‘O say’ you can see the flag, manuscript of ‘The Star-Spangled Banner’ in one place
WASHINGTON — It’s hard to sing and sometimes hard to remember.
“The Star-Spangled Banner” is a challenge for even professional singers, who have stumbled over it at venues like the Super Bowl.
But it is also the national anthem, the patriotic musical symbol of the United States sung before every major sporting and government event, stirring deep feelings in the citizenry. The words were written by lawyer Francis Scott Key to honor the flag flying over Baltimore’s Fort McHenry in what was a turning point against the British during the War of 1812.
And so the anthem is getting its glorious due in its 200th anniversary year, beginning June 14, Flag Day, with a kickoff event at the Smithsonian Institution’s National Museum of American History, where the manuscript has been paired for the first time with the actual flag that inspired it, the 30-foot-by-42-foot banner that endured “the rockets’ red glare and bombs bursting in air.”
“People sing the song all the time, but don’t know anything about it,” said Jennifer Jones, a curator and expert on military history at the museum. “These words that we sing were inspired by this flag. Having them in the same place at the same time is exciting.”
Maryland Gov. Martin O’Malley and G. Wayne Clough, secretary of the Smithsonian, will be at the museum Saturday for an event featuring the historic display and an “Anthem for America” concert. It will be followed by a national simultaneous singing of the anthem at 4 p.m. EDT in more than 40 venues nationwide.
Curiously, it has been the nation’s official national anthem only since 1931, when Congress approved it after a groundswell of support led by composer and musician John Philip Sousa. Until then, it was one of several patriotic melodies featured at official or military proceedings.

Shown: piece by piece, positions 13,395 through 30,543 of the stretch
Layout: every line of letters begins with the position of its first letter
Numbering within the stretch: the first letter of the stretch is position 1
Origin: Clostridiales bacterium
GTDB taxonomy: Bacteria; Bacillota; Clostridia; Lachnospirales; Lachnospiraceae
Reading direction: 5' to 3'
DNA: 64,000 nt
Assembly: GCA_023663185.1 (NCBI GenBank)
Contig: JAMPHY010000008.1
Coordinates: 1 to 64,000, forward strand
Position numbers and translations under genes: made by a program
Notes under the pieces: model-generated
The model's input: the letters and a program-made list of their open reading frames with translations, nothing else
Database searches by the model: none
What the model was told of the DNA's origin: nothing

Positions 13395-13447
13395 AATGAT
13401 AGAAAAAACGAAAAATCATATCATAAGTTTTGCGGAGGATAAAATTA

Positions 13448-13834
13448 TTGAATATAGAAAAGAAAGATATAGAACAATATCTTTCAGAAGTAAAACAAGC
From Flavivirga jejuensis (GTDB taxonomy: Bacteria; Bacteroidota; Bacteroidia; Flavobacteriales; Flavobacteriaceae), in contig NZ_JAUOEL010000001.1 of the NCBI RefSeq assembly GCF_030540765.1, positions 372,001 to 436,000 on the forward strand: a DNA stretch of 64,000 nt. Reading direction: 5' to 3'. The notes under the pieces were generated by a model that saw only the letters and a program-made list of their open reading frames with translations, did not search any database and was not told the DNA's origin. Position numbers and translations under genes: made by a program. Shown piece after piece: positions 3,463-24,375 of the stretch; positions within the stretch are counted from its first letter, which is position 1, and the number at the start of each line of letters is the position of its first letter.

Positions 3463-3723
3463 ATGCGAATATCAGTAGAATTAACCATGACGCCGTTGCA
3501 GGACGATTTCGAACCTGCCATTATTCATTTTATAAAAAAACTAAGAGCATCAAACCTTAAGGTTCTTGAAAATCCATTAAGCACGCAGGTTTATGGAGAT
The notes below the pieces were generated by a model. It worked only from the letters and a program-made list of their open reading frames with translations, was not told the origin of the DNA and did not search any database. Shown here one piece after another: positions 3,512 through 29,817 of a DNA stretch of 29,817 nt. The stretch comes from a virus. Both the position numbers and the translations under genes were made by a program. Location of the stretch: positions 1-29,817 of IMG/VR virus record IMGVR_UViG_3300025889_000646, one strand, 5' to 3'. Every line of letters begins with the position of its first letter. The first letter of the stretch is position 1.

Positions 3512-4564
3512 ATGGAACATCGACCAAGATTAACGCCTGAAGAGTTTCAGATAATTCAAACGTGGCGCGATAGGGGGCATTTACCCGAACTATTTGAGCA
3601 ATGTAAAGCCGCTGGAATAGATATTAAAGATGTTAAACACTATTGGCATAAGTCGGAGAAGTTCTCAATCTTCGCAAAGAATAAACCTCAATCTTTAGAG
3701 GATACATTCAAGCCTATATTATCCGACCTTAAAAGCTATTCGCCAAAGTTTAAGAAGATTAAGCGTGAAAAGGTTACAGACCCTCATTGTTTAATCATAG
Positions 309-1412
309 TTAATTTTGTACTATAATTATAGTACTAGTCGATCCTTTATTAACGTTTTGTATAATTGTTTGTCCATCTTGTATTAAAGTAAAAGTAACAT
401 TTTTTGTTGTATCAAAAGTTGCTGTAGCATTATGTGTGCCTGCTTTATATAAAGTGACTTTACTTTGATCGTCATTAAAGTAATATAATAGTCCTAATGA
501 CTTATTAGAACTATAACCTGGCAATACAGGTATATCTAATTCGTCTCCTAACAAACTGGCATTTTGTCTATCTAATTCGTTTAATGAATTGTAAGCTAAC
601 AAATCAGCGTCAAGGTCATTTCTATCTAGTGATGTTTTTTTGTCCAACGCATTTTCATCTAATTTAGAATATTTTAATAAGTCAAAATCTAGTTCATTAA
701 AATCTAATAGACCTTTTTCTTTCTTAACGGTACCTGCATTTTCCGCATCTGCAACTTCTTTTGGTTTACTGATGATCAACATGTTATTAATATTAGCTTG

The lyrics were written Sept. 16, 1814, by Key as a poem after he watched the Battle of Baltimore on Sept. 13-14 from a ship in the harbor. He saw the enormous flag “at dawn’s early light” — a relief for the young American democracy.
“Key was a gentleman poet,” Laura Rodini, marketing director of the Maryland Historical Society in Baltimore, told McClatchy. The society owns the manuscript and is loaning it to the Smithsonian through July 6. “He wanted to capture the moment.”
As for the music, historians say Key had in mind a specific popular tune, “To Anacreon in Heaven,” which has been widely described as a drinking song. Library of Congress music specialist Loras John Schissel explained in an interview that the tune, honoring Greek poet Anacreon, became a drinking song for the gentlemen’s club called the Anacreontic Society, but a more high-minded one than the term suggests.
But why is the anthem so hard to sing?
“It’s 2 1/2 octaves,” Jones said. “Most people don’t have a 2 1/2-octave range.”
Added Schissel: “It was written for a man who had an extremely high voice.”
He said that singers who start in A flat instead of B flat can get through the song successfully.
But that does require remembering the words, which pop star Christina Aguilera did not do successfully at the beginning of Super Bowl XLV in February 2011. Others also have flubbed the lyrics or the tune, though this year there was relief all over social media that Super Bowl organizers brought in an opera superstar, soprano Renee Fleming, to do the honors. As BuzzFeed put it, “She absolutely killed it.”
Historians want the melody, the words and the flag to all come together for the public during the anthem’s bicentennial.
“We hope as a national museum, people will be inspired to learn more about history and to be part of history,” Jones said.
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